<< Previous Topic | Next Topic >>Return to Index  

Military Cot question

February 4 2009 at 7:53 PM

Can someone identify the era this cot comes from? Thanks.

[linked image]

 Respond to this message   
Michael Reintjes


February 4 2009, 9:15 PM 

I have 2 of these cots and both were with WW2 battledress groupings to officers.One also had a well unit marked sleeping bag with it as well.I,d say yours is WW2 vintage as well...hope this helps, Cheers,Mike.

 Respond to this message   
Kevin J.

Re: WW2

February 5 2009, 6:13 AM 

Thanks Michael. I don`t actually own it, but the Gentleman that does seems to think it`s MUCH older...like Boer War old! I thought I had seen similar ones being sold as WW2 vintage, which is why I thought I`d ask. Since I posted he has also mentioned it has a marking of " x warofficepattern x ". Would that change your opinion at all?


 Respond to this message   
Bob Campbell

Campaign furniture

February 5 2009, 8:11 PM 

Somewhere out there, there is a really nice book on British officer's private purchase campaign furniture. I'm not sure if this is older than WWII, but it could be as old as Boer War. Canvas can be replaced, so it's the wood that will be the tell-tale sign. Private purchase won't be military marked, but there might be other maker's marks.

Maybe someone has the book. It's really nice but very expensive and a limited run when it was published.



 Respond to this message   
John Maybin

British Campaign Furniture

February 5 2009, 11:48 PM 

The book Bob Campbell is referring to is called "British Campaign Furniture; Elegance Under Canvas, 1740-1914" by Nicholas A. Brawer, ISBN 0-8109-5711-6. I can confirm that it is a very nice book indeed.

 Respond to this message   
Geoff Middleton

Really Exists

February 6 2009, 10:48 AM 

I thought you were putting us on, but it exists on ABEBOOKS from $US224 to $US394.

Now that is a niche market for sure.

 Respond to this message   
John Maybin

Would I Lie?

February 6 2009, 10:59 AM 

I guess $65CDN wasn't that bad afterall. Really quite amazing how they could design an entire bedroom set to fit into a few trunks.

 Respond to this message   
Grant Rombough

I have one ....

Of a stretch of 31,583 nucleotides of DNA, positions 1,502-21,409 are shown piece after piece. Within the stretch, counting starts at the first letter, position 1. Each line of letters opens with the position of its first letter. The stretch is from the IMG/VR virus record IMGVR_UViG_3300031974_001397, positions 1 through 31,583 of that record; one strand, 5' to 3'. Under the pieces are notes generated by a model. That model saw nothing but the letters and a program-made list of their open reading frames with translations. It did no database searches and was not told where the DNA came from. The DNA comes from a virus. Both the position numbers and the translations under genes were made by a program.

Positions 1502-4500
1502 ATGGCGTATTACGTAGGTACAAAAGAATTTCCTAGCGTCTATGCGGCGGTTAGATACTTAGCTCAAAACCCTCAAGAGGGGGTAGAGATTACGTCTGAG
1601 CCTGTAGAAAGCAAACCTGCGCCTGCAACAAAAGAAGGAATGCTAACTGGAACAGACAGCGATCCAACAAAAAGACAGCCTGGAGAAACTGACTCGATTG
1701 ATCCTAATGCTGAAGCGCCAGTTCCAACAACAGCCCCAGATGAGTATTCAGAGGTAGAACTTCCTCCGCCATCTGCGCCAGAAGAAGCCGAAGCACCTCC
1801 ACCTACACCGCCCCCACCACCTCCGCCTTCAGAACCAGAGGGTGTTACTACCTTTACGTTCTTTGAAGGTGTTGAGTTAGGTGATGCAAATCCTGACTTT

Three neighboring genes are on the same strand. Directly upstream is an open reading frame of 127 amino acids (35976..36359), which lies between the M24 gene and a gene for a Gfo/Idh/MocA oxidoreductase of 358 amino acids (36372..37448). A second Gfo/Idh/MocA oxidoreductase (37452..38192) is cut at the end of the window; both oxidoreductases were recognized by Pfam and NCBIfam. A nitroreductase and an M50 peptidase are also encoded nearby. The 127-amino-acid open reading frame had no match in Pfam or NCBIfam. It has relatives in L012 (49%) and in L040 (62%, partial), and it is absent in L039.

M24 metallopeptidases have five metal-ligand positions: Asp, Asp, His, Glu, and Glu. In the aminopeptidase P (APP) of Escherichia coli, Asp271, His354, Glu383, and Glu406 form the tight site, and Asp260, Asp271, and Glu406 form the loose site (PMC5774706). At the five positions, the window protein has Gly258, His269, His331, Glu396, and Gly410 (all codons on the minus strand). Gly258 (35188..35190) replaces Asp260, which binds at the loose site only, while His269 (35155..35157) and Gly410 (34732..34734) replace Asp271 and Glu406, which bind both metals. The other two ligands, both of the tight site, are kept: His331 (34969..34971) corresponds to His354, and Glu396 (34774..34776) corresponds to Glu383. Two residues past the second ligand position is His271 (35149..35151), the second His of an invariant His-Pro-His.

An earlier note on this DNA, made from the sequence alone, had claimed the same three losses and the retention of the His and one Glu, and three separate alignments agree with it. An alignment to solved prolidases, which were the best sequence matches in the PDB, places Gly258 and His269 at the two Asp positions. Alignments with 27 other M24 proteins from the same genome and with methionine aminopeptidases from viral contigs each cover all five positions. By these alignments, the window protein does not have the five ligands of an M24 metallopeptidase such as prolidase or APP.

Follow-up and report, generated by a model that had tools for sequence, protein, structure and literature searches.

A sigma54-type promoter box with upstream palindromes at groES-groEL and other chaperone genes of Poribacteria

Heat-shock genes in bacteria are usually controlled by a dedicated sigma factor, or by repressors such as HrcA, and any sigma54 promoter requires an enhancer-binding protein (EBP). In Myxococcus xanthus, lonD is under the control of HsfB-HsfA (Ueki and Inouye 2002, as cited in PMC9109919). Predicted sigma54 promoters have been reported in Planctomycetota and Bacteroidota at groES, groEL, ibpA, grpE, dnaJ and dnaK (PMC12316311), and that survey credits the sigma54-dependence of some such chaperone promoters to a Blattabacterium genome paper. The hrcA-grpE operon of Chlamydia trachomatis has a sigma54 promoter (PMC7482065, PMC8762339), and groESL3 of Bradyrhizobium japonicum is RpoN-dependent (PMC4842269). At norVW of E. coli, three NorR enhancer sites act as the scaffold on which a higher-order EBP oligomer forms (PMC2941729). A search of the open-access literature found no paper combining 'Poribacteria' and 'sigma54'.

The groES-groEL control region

February 7 2009, 12:01 PM 

I have a cot which appears to be identical to the one pictured, right down to the greenish fabric and 'flap' which buttons back onto the side shafts to form a sort of open-sided compartment into which clothing or the like can be put to form a pillow. I have used it many a time in the past .... though not in recent years because the canvas has deteriorated to the point that I fear I might end up entangled in the framework about halfway through the night .... (Have it on my "to do" list to replace the canvas .... someday.)

I have no idea of its age - I acquired it when such details were of no interest to me, and have since looked in vain for any sort of Patent Date markings or the like which would assist in determining how old it may be, but it wouldn't surprise me if the 'design' is older than WWII vintage. I just don't know .....

 Respond to this message   
Keith Matthews

At least First World War

February 17 2009, 2:46 AM 

We have two of these beds in the collection at York Castle Museum (UK) both from British Army Officers who served in the First World War. Both differ only in minor details. One is with a matching folding chair and folding frame which can be left high for a canvas wash-basin or low for a bath(!). These are private purchase items not issue. Similar items are listed in Edwardian and Victorian mail order catalogues (such as the Army & Navy Co-operative Stores, London). The head end can be folded up to allow a mosquito net or canvas 'valise' to be draped/fixed away from the face.

Whether these were truly appreciated campaign luxuries or white elephants (of the kind sold to 'Boot' of the 'Daily Beast' in "Scoop") would depend on the circumstances (and baggage allowance) the Officer found himself with. We do also have photos of similar camp equipment (not the beds) being used by local Yeomanry Officers in the Boer War of 1899-1902.

There is a museum theory which has never quite been accurately formulated which equates the chances of survival of an artefact with its inherent impracticality - this leaves us with more patent apple corers than 4" kitchen knives, wedding suits than work overalls, full dress than SD and 'Boots, Wellington' than 'Boots, Ammunition'. It also has a sub-clause that any clothing in a useful size will be long gone leaving only the freak sizes to be preserved.


 Respond to this message   
  << Previous Topic | Next Topic >>Return to Index